Wednesday, August 29, 2007

The Brazda Brothers

The Brazda Brothers, Andy and Bystrik, were a pair of European brothers who moved to Canada (Galt, Ontario, to be exact) near the beginning of the '70's. Inspired by a picturesque landscape that reminded them of home, they set to writing and recording enough material for an LP, and in 1973 they went down to RCA Studios in Toronto and knocked off twelve original numbers in an unheard-of six hours. Released in 1974 by Dominion Records, a small Canadian label, their self-titled debut album was pressed in small quantities and received little promotion. Although the brothers performed on several TV shows and released a single ("Walking Into The Sun/20th Century"), the album did not sell well and is an extremely rare collector's item these days. Another single ("Time Is Only A Setting Sun"/You Can Take Me Real High") was released on their own label in 1977, and in 2004 they resurfaced with a CD single ("He Walked Away").

All of the songs on The Brazda Brothers were written by Andy and Bystrik, with Bystrik on acoustic guitar and lead vocals and Andy on electric guitar. Both contributed backup vocals, along with Mac Babb, Fred O'Quinn and Vince Romano, and the band was rounded out by Jim Skriboleit (drums) and Vinston Dookie (congos). Mr. Dookie is also credited as playing the cordovox, which probably means the organ, and he's got a real sweet Garth Hudson thing going on. The album as a whole is a beguiling mix of folk, psychedelia, garage rock and country, with hints of the brothers' European heritage peeking through here and there. "Walking Into The Sun" is a moody acoustic number, while "Calm River" is an uptempo track with frenetic drumming and a definite European flavour. "Gemini" is a more overtly psychedelic tune with lots of aggressive fuzz guitar and loud splashes of organ throughout. "Soldier In A Battleground" is another psych tune with a sharp electric guitar solo and a more overtly political bent than most of the other songs on the album. And "Your Kingdom" is the bluesiest number on the record, a slow jam with longer instrumental passages which allow the members of the band to stretch out a bit.

Walking Into The Sun
Calm River
Soldier In A Battleground
Your Kingdom

Sunday, August 26, 2007

Gerry Hoelke And The Group

The summer is rapidly drawing to a close, and I've been kinda busy during these last few dog days of August. So I haven't had much time to post recently. This will change, of course, but in the meantime, enjoy this funky cover of the Duke Ellington standard "It Don't Mean A Thing" by Gerry Hoelke And The Group, which can be found on the Canadian Racer compilation (and, originally, a 1970 CBC Transcription album).

It Don't Mean A Thing

Wednesday, August 22, 2007

Ray Francis & The Whippoorwills

There's next to nothing on the internet about the country band Ray Francis & The Whippoorwills, but we do, as always, have the liner notes to draw upon:

"A recording company in the run of a year auditions many artists in order to find the top talent required for recording. As soon as Arc Records heard Ray Francis and The Whippoorwills they immediately recognized that here was one of the most professional sounding country bands in the land. This long play album is the result.

The Whippoorwills have been together as a unit for five years and for the past three years have been heard regularly on radio station C.F.C.O. in Chatham, Ontario, the group's home base. The band has toured with The Grand Ole Opry and stars such as Ray Price, Johnny Cash, Brenda Lee and many others, both in Canada and the United States.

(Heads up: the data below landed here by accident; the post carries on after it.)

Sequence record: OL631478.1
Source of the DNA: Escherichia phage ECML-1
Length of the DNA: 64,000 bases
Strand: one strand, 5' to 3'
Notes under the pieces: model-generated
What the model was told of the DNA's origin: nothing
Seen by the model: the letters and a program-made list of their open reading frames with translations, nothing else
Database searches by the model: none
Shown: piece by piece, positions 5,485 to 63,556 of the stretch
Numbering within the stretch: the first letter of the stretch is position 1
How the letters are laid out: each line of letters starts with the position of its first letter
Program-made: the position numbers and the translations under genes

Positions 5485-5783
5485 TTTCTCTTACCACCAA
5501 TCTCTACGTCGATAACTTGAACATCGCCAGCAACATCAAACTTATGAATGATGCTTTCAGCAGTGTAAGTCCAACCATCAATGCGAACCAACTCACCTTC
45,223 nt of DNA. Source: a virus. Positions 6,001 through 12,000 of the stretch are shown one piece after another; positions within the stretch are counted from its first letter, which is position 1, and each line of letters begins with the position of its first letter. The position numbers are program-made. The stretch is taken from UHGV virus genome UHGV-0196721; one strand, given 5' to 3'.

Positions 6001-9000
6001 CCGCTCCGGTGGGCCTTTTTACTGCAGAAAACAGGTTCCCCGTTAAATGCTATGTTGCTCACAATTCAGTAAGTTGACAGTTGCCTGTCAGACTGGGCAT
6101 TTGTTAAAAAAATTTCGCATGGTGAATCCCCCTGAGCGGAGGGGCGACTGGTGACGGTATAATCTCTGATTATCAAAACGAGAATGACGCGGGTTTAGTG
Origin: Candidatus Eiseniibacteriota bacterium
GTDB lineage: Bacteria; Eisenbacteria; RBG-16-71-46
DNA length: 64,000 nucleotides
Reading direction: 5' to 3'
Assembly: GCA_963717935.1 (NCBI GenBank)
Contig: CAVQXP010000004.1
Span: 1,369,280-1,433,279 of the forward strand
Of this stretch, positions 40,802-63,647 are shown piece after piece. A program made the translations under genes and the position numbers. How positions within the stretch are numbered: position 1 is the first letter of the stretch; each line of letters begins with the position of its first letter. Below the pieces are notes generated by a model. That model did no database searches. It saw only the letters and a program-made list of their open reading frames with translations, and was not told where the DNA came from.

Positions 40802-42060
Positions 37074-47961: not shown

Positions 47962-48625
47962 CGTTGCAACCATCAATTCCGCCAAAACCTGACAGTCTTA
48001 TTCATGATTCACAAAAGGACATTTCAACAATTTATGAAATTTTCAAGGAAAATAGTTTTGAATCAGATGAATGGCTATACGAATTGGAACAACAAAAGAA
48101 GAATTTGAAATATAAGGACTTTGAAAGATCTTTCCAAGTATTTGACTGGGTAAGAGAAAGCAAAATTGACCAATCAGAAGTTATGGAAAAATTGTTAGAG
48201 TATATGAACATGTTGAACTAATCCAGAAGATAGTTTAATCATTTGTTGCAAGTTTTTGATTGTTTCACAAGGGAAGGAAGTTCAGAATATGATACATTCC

The next goal that Ray Francis and his talented band are aiming for is their own weekly television show, and if talent and showmanship is the key to their goal, they are certain to succeed.

A&R and Audio Direction - Dan Bass, Photography - Des Dollery, Cover Artwork - Conrad Elgard"

Ray Francis takes the lead on vocals on side one of this album, which includes "A House With Everything But Love" and "All Over Again," while John Tengelis sings on side two and "Toujour Moi" and "Carribean". "House" is a cover of a Marty Robbins ballad, with some interesting percussion plinking away in the background. "All Over Again" is an up-tempo Johnny Cash number, while "Toujour Moi" is a weeper sung mostly in English despite its French title. And "Carribean" is a stompin' dance number with some gorgeous steel guitar, written by Mitchell Torok and popularized by Hank Snow.

A House With Everything But Love
All Over Again
Toujour Moi

Note: These songs have been archived at It Came From Canada.

Sunday, August 19, 2007


THP, originally named THP Orchestra ("THP" stood for "Three Hats Productions"), was one of the first, and biggest, Canadian disco acts. Toronto-based producers Ian Guenther and Willi Morrison formed THP Orchestra in the mid-'70's, and had a sizable U.S. club hit in 1977 with Two Hot For Love on the Butterfly Records label. After a second album, THP #2: Tender Is The Night, on Butterfly, the duo signed with Atlantic Records and put out one more full-length, Good To Me, before pulling the plug on THP and moving on to other production duties throughout the '80's and '90's. These days, Guenther is a music teacher at The Linden School in Toronto, while Morrison is Senior Creative Manager at Universal Music Publishing.

THP #2: Tender Is The Night features former Gordon Lightfoot drummer Barry Keane on percussion, bassist Errol Thomas, guitarists Michael Toles (who played on Shaft) and Brian Russell, keyboardist Carl Marsh, and a small army of Canadian classical and jazz horn and string players, including Moe Koffman, Guido Basso, Russ Little, Ian McDougall, Gerard Kantarjian, Albert Pratz, Stanley Solomon and Walter Babiak. The vocalists are session vets Phyllis and Helen Duncan. The album was recorded at Phase One Studios in Toronto, and was arranged, conducted and orchestrated by harmonica legend (!) Pete Pedersen. All of this adds up to "Weekend Two Step" and "Half As Nice," two juicy chunks of late-'70's disco, complete with rubbery basslines, shimmering strings, and (in the case of the 13:33 epic "Weekend Two Step") vocals run through a vocoder.